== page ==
Sake blossom – Japanese sake, St. Germain elderflower, lemon juice, homemade rose sato, nigori sake. Starts off all casual Japanese woman sultry, but go deeper and the drink segues into the familiar passions of sweet bandung. Yes, as in the Mr Teh Tarik at Ang Mo Kio Avenue 5 type of bandung.
Kinmedai carpaccio with homemade shoyu and summer truffle. That familiar smell of
truffle fries truffle wafts from a distance as the plate makes its way to our table, but practises a tasteful restraint while in-mouth, instead letting the softness and saltiness of the carpaccio take centre stage.
Sashimi platter consisting of chutoro (medium fatty tuna), akami (red tuna), shima aji (striped horse mackerel), Hokkaido scallop, tai (sea bream), salmon, yellowtail, swordfish, hirame (bastard halibut), and Hida wagyu (!!) sashimi. I viewed beef sashimi with the same trepidation as I did chicken sashimi whilst I was in Tokyo, but despite its intimidating “I’m primal, manly and gym at Virgin Active” appearance the Hida wagyu sashimi turned out to be relatively approachable, tasting like soft tuna sashimi at the start but revealing a slightly tender and raw-ish side as your teeth gnashes and grinds. The scallop was a delight, really soaking up the lime as if the lime was the Infinity Pool and the scallop a pan-Asian bikini beauty, while the fresh seaweed provided a crunchy, refreshing change from the tired choice of radish for plate gardening.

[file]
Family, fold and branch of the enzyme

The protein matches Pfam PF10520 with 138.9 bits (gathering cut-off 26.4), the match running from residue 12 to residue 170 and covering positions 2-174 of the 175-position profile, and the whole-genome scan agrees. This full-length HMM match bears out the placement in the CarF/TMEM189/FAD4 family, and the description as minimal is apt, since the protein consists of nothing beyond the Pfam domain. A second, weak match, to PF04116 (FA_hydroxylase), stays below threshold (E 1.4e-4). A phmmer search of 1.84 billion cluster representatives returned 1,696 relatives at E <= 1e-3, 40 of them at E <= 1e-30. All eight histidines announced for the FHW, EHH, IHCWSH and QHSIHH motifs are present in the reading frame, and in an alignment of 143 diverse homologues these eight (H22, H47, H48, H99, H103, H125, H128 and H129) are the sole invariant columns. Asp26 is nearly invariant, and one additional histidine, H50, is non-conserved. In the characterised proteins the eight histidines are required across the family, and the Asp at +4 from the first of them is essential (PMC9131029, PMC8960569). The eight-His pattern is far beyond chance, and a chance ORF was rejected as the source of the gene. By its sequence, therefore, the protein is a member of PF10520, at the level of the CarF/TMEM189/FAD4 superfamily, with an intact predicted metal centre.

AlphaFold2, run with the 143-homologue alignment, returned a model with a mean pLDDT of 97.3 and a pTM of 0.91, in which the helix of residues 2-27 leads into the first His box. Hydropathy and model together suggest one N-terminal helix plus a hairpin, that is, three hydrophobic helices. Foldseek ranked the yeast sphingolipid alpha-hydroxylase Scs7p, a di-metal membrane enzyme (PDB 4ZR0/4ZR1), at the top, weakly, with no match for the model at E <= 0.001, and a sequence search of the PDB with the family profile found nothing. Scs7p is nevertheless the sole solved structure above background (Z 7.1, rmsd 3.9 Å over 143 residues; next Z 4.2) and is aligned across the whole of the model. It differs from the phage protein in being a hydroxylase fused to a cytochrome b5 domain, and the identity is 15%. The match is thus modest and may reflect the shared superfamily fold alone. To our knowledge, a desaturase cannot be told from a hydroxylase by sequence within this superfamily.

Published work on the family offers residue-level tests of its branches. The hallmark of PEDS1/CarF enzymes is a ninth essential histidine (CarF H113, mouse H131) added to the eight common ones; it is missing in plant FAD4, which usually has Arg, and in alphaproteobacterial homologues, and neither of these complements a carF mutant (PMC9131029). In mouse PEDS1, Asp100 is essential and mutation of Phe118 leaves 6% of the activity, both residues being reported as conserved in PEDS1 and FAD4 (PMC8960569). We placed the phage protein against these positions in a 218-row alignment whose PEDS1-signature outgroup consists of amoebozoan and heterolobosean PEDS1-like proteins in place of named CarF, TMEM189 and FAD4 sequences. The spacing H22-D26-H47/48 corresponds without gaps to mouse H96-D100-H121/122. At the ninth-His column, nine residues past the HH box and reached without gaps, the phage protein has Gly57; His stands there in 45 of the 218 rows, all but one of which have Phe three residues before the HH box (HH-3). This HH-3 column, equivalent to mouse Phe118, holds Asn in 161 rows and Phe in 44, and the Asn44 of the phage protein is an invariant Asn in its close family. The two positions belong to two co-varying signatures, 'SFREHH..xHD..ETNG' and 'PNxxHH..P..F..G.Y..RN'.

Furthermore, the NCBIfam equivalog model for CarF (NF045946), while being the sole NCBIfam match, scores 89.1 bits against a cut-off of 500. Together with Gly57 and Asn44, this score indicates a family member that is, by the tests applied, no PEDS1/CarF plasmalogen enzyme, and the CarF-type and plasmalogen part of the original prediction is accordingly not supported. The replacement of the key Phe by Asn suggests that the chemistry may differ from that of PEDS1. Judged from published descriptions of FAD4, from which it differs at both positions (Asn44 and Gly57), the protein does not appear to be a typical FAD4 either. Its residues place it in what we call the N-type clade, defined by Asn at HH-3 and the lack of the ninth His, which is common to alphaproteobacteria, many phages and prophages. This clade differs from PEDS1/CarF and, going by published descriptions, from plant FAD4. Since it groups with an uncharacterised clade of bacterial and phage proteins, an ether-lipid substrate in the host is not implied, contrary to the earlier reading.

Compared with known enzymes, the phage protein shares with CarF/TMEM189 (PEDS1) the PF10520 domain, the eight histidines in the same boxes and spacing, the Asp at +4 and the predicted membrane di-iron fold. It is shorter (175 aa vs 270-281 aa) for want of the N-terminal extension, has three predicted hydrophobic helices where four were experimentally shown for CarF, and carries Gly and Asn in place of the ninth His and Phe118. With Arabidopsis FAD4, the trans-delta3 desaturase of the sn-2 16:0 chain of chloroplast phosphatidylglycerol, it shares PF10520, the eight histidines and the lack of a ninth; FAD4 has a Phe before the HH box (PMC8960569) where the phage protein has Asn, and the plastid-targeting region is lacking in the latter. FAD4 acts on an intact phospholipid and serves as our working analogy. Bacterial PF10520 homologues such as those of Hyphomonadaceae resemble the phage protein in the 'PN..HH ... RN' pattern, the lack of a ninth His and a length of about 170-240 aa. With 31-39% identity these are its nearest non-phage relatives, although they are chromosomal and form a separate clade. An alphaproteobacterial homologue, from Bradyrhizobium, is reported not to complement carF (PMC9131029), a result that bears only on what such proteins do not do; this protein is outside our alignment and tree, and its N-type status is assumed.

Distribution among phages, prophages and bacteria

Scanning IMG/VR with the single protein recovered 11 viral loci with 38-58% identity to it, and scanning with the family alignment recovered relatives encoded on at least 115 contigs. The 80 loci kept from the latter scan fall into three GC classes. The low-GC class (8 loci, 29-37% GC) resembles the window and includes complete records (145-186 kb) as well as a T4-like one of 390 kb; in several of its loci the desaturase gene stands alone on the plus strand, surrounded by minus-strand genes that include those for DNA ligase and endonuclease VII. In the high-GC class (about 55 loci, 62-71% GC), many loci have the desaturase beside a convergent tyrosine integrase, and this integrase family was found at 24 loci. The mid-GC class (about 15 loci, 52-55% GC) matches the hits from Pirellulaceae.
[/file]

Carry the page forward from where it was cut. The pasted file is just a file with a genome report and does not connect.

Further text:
Clockwise from bottom right – aburi scallop with yuzu mayonnaise, aburi engawa with orange juice, aburi salmon with chopped ginger and onion, aburi tai with truffle and shoyu, and the saucily-monikered Threesome – sushi with seared Hida wagyu, foie gras and uni. Head Chef Alan Tan overheard me raving to my dining companion about how much I loved aburi engawa, and thus quietly included it in the sushi platter. At that very moment, I felt all special and paid attention to, like a sixteen year old SCGS girl when a gymfit male teacher praises her use of chimology in her narrative essay. The Threesome was easily the standout – the Hida Wagyu was significantly more sensitive and soft here after some searing, and all three indulgent components melt into a gloop of silky-soft, luxurious happiness in your mouth.
I was pleasantly surprised by the Omakase experience as I had expected a more traditional (and probably uninspired) approach. However, the modern European touches introduced to the concept by the new team at Chotto Matte kept the proceedings fresh and rather exciting, and the prices seem friendlier than before. I will be back. 4.1/5
This was a hosted meal, courtesy of Chotto Matte.
54 Blair Road